Two ETS in Labor’s climate policy suite

Labor will exempt the electricity sector from its broader emissions trading scheme hoping to limit the hit to the consumer wallet.

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Instead, the sector will have its own ETS with an internal carbon market which Labor believes will reduce the impact on power prices.

The opposition’s climate change policy – which it will take to the next election – also focuses on a transition away from coal-fired power stations.

Labor wants an orderly, structured phase out of high-polluting energy generators with a support program to transition workers into new industries.

Opposition environment spokesman Mark Butler insists the plan is not a reincarnated carbon tax, while maintaining it’s necessary to get Australia’s pollution levels under control.

“Labor heard a very clear message from the Australian people about the carbon tax,” Mr Butler told reporters in south-west Queensland.

But Environment Minister Greg Hunt said Labor was kidding itself that its ETS was not a carbon tax – which the coalition scrapped upon coming into government.

The policy reaffirms Labor’s commitment to 50 per cent of the nation’s power coming from renewable sources by 2030 and an emissions reduction target of 45 per cent by the same year.

It focuses on reducing land clearing, while aiming to double energy productivity through measures such as smarter buildings.

The ETS would be implemented in two phases – with the first requiring heavy polluters to offset any emissions above a set cap.

From 2020, an ongoing scheme will be in place – but the details won’t be sorted until the next term of government, should Labor be elected.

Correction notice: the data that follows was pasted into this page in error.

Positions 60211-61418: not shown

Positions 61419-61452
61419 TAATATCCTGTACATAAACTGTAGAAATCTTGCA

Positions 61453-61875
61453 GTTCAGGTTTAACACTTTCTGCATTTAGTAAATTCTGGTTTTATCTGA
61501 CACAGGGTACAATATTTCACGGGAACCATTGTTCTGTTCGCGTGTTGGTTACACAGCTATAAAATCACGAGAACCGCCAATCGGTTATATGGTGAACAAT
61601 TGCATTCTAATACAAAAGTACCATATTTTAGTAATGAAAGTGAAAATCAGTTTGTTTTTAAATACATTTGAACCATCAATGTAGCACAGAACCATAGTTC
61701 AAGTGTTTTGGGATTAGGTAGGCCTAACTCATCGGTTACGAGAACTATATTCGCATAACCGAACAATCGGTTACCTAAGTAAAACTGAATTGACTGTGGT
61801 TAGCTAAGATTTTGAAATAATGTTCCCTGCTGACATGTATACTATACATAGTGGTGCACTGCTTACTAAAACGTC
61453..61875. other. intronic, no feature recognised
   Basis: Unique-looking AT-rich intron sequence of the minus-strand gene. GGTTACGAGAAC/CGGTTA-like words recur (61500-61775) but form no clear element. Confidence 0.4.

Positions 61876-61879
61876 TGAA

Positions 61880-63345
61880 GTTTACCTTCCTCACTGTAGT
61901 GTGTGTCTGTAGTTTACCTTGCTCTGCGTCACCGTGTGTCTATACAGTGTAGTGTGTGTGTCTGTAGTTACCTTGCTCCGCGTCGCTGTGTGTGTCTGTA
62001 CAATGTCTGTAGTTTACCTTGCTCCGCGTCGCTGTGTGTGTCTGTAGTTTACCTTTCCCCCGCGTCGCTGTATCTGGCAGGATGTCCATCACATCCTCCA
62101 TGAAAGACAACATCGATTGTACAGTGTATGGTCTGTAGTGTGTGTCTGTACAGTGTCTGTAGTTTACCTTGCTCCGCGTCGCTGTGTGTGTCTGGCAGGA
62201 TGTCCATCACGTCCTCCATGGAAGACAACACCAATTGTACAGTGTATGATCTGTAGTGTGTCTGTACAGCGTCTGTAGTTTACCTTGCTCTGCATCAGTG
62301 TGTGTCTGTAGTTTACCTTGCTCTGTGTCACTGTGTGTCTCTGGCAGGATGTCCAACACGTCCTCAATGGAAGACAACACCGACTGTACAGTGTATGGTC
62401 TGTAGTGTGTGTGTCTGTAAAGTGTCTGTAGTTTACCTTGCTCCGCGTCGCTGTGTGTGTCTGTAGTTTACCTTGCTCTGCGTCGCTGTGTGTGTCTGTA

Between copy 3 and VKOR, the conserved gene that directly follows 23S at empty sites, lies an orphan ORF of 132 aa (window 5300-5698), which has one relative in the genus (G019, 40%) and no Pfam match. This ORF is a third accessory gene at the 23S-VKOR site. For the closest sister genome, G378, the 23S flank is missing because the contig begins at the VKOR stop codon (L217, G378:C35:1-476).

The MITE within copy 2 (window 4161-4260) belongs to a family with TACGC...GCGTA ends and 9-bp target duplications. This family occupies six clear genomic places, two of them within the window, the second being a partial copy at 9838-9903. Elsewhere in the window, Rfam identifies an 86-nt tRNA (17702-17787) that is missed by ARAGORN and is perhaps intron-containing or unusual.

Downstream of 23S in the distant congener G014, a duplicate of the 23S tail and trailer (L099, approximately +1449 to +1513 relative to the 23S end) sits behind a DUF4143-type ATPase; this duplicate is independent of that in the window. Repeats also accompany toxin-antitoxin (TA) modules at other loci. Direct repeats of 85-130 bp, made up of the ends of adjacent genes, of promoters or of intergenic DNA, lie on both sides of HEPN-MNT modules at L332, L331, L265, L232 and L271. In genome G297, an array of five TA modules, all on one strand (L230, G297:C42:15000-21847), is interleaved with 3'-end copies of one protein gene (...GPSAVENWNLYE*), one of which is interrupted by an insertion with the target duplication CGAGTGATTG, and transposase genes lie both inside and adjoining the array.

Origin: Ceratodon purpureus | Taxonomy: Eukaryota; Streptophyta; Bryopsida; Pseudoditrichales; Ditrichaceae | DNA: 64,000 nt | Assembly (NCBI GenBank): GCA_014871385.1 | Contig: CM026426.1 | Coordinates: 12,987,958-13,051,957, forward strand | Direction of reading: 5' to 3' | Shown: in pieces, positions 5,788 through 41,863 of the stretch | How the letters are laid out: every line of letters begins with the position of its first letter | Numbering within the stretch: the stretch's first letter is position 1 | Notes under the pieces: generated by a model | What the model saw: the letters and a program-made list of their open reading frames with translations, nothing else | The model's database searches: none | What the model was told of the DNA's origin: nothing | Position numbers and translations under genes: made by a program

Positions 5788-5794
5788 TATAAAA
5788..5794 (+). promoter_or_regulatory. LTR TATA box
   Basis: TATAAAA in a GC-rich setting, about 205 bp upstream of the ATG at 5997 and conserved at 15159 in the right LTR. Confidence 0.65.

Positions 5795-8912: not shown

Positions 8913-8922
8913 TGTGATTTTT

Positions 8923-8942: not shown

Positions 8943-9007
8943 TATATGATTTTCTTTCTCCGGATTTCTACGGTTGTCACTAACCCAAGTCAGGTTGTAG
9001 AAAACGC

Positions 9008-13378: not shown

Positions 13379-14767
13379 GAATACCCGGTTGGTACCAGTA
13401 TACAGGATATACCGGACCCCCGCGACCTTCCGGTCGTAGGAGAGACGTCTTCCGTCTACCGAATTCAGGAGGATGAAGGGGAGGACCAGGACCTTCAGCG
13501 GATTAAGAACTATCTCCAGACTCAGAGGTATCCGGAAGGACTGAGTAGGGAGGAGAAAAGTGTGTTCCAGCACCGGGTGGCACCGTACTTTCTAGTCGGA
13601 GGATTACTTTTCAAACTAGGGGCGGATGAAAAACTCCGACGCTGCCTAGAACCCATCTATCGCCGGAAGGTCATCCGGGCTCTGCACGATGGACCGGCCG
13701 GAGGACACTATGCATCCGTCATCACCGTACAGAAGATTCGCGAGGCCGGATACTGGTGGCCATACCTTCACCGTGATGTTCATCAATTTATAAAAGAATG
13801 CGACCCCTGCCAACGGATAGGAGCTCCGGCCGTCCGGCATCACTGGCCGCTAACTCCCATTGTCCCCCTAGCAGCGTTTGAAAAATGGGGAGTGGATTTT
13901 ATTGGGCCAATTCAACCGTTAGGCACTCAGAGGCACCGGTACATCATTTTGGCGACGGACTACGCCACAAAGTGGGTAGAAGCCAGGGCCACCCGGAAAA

Opposition Leader Bill Shorten warned of increased insurance premiums, inconsistent food supply and a loss of tourism and jobs if nothing is done to limit climate change.

“Australia is now pretty much the only advanced economy on earth where pollution is rising rather than coming down,” Mr Shorten told reporters on Wednesday.

Prime Minister Malcolm Turnbull, who supported the introduction of an emissions trading scheme in 2009 when he was opposition leader, said Labor’s plan would raise energy prices.

However, he conceded the coalition’s 26-28 per cent target by 2030 would have to rise over coming decades.

The plan has been broadly welcomed by climate groups who believe it could help Australia reach its international obligations under last year’s United Nations climate agreement.

In December, 196 parties – including China, India and the United States – agreed to limit global warming to two degrees.

Energy market analysts Reputex modelling shows phasing out coal-fired power stations would have a negligible impact on electricity prices.

However, the peak mining body says the policy puts at risk Australia’s export competitiveness by eliminating the “cheapest form” of domestic electricity.

“The inevitable consequences of these policy choices will be higher power prices,” Minerals Council of Australia chief executive Brendan Pearson said.

Greens leader Richard Di Natale questioned why Labor’s policy was silent on coal exports, accusing all major parties of being beholden to the coal industry.

Labor has also promised to expand the investment mandate of the Clean Energy Finance Corporation, retain the Climate Change Authority and pump an extra $200 million into ARENA.